Saturday, September 21, 2013
Diatoms From Outerspace? How Not to Find Life on Comets
A fragment of diatom caught in the upper atmosphere by the sampling ballooon. Image Credit University of Sheffield.
You can see the actual research the news paper reports are based on here. The summary in the conclusion of the paper is a bit less triumphal than the news reports
"To conclude we note that the results presented here provide unequivocal evidence that a diatom fragment has been found in the lower stratosphere."Yes. That's the whole paper basically. "We found a diatom fragment, it's unlikely that diatom fragments can last that long in the high atmosphere, therefore it came from outer space"
Despite all the images of weird looking blobs in the newspapers they have one, count it, one, fragment of a diatom (a kind of algae with hard shells, they found a bit of the shell). No alien DNA, no other evidence except this one fragment (most of the pictures in the press reports aren't even of the actual diatom fragment, but random dust particles). The authors even admit it looks like a terrestrial diatom fragment.
The authors entire argument rests on it being unlikely that chunks of diatom can last in the stratosphere for a long time.
Cometary dust, almost certain to not contain diatoms.
Except it is not that unlikely. We know that diatoms are ubiquitous in atmospheric dusts, indeed the worlds largest source of atmospheric dust is diatomaceous earth, let alone marine and other surface water droplets. Contamination of forensic and other materials with extraneous diatoms is a perennial problem. So extreme caution is need when interpreting these sorts of results.
Diatomaceous dusts can travel long distances, from the Sahara to Great Britain, and diatom containing droplets can travel far and be wafted high up.
So high that Diatoms are thought to play important roles in forming nucleation centres for rain clouds. While the authors claim there is no known mechanism for getting big dust particles that high, the very ubiquity of diatomaceous dusts, their presence at high altitude in cloud formation, and the ability of cloud air currents to loft material high into the sky make it plausible that diatom fragments could be lofted high but turbulent air currents.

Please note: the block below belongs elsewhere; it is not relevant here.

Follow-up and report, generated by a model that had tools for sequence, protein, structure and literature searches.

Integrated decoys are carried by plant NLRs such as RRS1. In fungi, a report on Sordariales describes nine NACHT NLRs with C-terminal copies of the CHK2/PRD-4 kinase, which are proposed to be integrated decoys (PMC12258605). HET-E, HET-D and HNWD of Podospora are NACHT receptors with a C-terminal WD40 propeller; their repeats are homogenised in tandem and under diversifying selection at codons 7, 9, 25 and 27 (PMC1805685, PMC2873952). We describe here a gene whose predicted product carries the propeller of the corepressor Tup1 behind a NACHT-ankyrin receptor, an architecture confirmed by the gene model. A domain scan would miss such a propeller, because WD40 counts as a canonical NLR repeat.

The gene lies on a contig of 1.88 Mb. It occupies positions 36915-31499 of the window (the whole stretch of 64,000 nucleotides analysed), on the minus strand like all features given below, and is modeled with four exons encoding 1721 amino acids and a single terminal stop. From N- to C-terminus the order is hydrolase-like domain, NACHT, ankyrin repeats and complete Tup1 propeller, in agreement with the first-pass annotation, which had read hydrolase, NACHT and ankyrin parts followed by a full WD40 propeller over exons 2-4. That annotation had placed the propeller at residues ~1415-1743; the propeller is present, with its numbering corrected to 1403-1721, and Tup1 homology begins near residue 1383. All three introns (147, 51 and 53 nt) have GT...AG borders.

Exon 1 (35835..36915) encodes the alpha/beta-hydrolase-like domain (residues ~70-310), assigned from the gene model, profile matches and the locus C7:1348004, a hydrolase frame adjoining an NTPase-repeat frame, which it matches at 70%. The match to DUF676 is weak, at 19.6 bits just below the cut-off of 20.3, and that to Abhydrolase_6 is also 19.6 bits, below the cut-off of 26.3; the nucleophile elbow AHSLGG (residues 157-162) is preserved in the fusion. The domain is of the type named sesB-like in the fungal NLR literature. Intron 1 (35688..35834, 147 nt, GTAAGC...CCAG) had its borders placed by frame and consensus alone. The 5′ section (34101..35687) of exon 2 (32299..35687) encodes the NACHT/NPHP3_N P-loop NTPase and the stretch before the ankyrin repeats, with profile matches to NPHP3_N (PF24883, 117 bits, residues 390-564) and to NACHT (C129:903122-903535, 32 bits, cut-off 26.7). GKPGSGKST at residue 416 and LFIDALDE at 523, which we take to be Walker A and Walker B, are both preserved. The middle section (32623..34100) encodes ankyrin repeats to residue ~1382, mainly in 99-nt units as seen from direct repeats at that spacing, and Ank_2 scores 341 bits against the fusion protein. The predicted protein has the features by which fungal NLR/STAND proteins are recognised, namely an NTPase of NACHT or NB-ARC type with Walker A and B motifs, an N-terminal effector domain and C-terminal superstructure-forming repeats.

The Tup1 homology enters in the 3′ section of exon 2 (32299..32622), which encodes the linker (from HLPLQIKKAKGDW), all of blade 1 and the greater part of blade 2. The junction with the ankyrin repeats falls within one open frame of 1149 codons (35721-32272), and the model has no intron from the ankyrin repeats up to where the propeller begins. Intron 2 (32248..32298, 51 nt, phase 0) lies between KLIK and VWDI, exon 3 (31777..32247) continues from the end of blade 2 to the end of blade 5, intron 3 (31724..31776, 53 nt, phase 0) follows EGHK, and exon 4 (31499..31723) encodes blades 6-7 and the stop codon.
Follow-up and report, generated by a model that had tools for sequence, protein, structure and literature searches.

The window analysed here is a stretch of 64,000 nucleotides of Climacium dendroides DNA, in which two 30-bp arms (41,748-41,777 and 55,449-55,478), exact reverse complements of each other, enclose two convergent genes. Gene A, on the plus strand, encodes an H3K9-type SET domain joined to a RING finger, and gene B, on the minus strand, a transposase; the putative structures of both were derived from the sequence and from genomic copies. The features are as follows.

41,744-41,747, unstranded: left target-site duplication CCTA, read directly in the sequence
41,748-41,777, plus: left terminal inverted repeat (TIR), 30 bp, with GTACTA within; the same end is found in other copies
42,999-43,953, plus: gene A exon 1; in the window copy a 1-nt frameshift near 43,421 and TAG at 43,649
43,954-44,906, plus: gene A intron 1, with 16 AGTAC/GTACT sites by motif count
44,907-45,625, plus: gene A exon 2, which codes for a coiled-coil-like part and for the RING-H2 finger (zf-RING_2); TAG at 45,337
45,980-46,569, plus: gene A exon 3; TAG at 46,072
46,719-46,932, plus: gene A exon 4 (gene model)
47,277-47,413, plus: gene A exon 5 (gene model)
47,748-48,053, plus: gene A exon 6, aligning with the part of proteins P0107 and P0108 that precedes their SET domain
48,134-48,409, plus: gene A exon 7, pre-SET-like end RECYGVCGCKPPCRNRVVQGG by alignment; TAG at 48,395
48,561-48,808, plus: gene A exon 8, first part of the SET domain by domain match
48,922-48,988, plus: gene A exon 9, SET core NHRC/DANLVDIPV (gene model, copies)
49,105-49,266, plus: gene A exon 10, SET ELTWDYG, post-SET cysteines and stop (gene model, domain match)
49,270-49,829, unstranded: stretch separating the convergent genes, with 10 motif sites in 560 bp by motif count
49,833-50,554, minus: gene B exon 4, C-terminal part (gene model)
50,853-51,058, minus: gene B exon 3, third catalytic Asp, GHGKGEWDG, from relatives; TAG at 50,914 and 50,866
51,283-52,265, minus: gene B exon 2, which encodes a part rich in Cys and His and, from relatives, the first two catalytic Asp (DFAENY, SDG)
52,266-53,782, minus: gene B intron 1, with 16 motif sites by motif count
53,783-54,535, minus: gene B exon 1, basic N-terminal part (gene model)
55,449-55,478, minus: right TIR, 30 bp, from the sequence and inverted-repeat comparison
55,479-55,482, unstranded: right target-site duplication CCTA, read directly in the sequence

Another mechanism for getting diatoms high in the air is volcanic eruptions. Despite authors claim that there were no volcanic eruptions before the balloon flight, the volcano Bata Tara in Indonesia has been exploding continuously since March, producing huge ash plumes).
Another issue relating to the contamination question is appropriate controls. While the authors had a good control for the ground based contamination of the sample cabinet, they did not do a control flight when there was no meteor shower, so we do not know if they would have picked up any diatom fragements in the absence of meteor dust.
Also, there is the question of WHY an algae that has evolved to live in marine or fresh water environments is on a comet in the first place, a frozen ball that spends most of its time far from the light of the sun is hardly the best place for things that photosynthesise in liquid water. Algae live in some very extreme environments, but spending your life frozen in a vacuum in the dark just doesn't make any sense algae wise.
The authors claims that comets have a "watery environment" is cause for head shaking, Comets are mixtures of ices (water, carbon dioxide, Carbon monoxide amongst others) which is normally frozen at the temperature below that of dry ice (frozen CO2), when the ices heat up during the comets fleeting visit to the Sun they don't go liquid, but sublimate. Hardly the best environment for a marine or river organism.
The Journal of Cosmology has form for publishing articles on life from outer space with very weak evidence. You can see my discussion of a previous paper from a different group claiming bacterial fossils in a meteorite here http://pandasthumb.org/archives/2011/03/life-from-beyon.html
Comets may have bought the building blocks of life to a primitive Earth billions of years ago, but modern diatoms living on current comets? No.
You can see the Bad Astronomers sceptical take here, and the Conversation commentary here.